Christian Unity Despite Theological Differences

 In Articles, Church Life, The Church, Theological Distinctives

It is crucial for Christians to know that, within the Church, not all Christians are doctrinally unified. Ideally, all Christians would believe the same doctrine and the idea of disagreements would be foreign to the Church. It is God’s will that we reflect the perfect unity of the Father and Son (John 17:11). However, so long as we live in this world which is devastated by sin, there will be errors in our understanding of God and His commands. One day we will have perfect unity in Heaven but we must fight to obey Christ’s command for us to be unified with other believers in the meantime. 

The first step towards obeying this command is being able to recognize our Christian siblings. Below, I will discuss how we can identify our siblings in Christ by our shared faith in the gospel. After that, I will discuss how we can relate to our Christian siblings who share these beliefs but differ on things which are not the gospel.

Although the information below is foundational to the faith, we must be careful not to turn this into a quiz someone must pass before you worship with them. Not knowing all the details of the gospel, or not being able to articulate them well is not an indicator that they are unbelievers. We become Christians long before we become theologians. Remember, it is possible to have our minds filled with true doctrine while we remain as spiritually immature as new converts. Let us pray for grace and wisdom in applying the information below.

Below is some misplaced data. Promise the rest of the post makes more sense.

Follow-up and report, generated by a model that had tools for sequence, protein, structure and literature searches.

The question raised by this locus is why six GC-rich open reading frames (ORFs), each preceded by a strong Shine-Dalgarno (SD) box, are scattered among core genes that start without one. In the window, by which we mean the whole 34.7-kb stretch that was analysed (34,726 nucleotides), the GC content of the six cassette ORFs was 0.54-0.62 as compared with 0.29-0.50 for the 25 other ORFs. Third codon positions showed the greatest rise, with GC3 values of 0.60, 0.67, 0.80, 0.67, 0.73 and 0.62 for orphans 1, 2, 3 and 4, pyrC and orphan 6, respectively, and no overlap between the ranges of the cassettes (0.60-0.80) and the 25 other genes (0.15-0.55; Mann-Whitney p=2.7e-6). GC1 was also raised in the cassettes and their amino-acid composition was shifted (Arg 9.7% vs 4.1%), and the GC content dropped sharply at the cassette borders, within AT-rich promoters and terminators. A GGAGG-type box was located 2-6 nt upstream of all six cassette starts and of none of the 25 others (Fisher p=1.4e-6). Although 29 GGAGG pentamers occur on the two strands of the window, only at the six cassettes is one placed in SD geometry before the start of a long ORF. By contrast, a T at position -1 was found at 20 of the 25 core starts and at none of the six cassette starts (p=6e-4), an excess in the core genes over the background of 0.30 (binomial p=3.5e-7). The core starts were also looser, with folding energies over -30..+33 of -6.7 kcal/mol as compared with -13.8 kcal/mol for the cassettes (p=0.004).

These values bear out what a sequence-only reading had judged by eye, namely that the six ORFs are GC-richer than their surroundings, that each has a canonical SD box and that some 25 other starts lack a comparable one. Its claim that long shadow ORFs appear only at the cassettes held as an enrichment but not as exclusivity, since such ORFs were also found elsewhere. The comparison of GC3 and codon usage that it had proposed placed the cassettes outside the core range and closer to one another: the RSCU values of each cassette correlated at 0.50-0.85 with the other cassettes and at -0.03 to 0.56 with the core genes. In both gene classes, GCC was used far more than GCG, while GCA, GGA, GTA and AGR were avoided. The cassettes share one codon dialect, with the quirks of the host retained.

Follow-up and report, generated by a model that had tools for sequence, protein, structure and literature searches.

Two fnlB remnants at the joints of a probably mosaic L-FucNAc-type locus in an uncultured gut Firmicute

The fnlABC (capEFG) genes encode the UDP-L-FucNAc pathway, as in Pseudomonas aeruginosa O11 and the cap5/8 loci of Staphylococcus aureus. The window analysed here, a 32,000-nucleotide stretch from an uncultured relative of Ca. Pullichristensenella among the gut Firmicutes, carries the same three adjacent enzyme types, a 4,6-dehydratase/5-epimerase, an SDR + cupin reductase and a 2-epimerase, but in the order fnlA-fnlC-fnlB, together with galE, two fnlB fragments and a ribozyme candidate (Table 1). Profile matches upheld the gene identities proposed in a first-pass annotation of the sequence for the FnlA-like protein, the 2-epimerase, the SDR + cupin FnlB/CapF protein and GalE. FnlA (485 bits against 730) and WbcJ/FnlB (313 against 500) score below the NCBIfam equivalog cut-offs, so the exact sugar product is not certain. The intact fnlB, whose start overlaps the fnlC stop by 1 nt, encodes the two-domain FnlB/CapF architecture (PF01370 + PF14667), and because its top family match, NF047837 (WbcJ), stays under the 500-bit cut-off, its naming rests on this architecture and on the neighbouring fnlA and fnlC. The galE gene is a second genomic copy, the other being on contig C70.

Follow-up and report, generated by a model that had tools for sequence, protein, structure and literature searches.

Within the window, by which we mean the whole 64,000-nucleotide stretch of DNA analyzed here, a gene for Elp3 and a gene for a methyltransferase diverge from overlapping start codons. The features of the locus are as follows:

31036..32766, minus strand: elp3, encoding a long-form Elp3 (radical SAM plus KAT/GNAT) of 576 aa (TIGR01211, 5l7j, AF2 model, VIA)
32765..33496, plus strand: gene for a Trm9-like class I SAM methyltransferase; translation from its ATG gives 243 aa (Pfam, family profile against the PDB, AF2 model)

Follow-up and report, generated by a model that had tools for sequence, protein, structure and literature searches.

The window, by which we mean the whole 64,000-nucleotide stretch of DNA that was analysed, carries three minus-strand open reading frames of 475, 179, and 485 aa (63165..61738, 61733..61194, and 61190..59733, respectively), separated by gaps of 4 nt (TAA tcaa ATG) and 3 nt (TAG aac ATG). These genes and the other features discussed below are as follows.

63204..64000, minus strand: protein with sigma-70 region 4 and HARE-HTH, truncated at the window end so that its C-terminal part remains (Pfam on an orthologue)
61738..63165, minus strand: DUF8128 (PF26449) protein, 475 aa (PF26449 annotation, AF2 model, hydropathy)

The Glorious Gospel: Our Basis for Unity

Christians must affirm the Bible as the word of God. The contents of the 66 canonical books are not the product of lofty human thoughts, nor are they a flawed collection of human attempts to write what God told them. Just as 2 Timothy 3:16 says, “All Scripture is breathed out by God and profitable for teaching, for reproof, for correction, and for training in righteousness,” (see John 10:27, 2 Peter 1:21). The Bible is the only book in which God has chosen to speak clearly to His people. Thus, it is vital for all aspects of the Christian life.

Another essential belief is that the God of the Bible is the only God who exists. He is not one of many gods (Isaiah 44:6). This God, the only one who exists, is triune. This means He is one infinite being shared by three distinct persons, the Father, Son, and Holy Spirit. Each distinct person fully shares the essence of God which means they are each fully God, but they are not separate gods. Christians must agree on who God is so they can unite themselves under His rule and worship Him together (Exodus 20:3-6).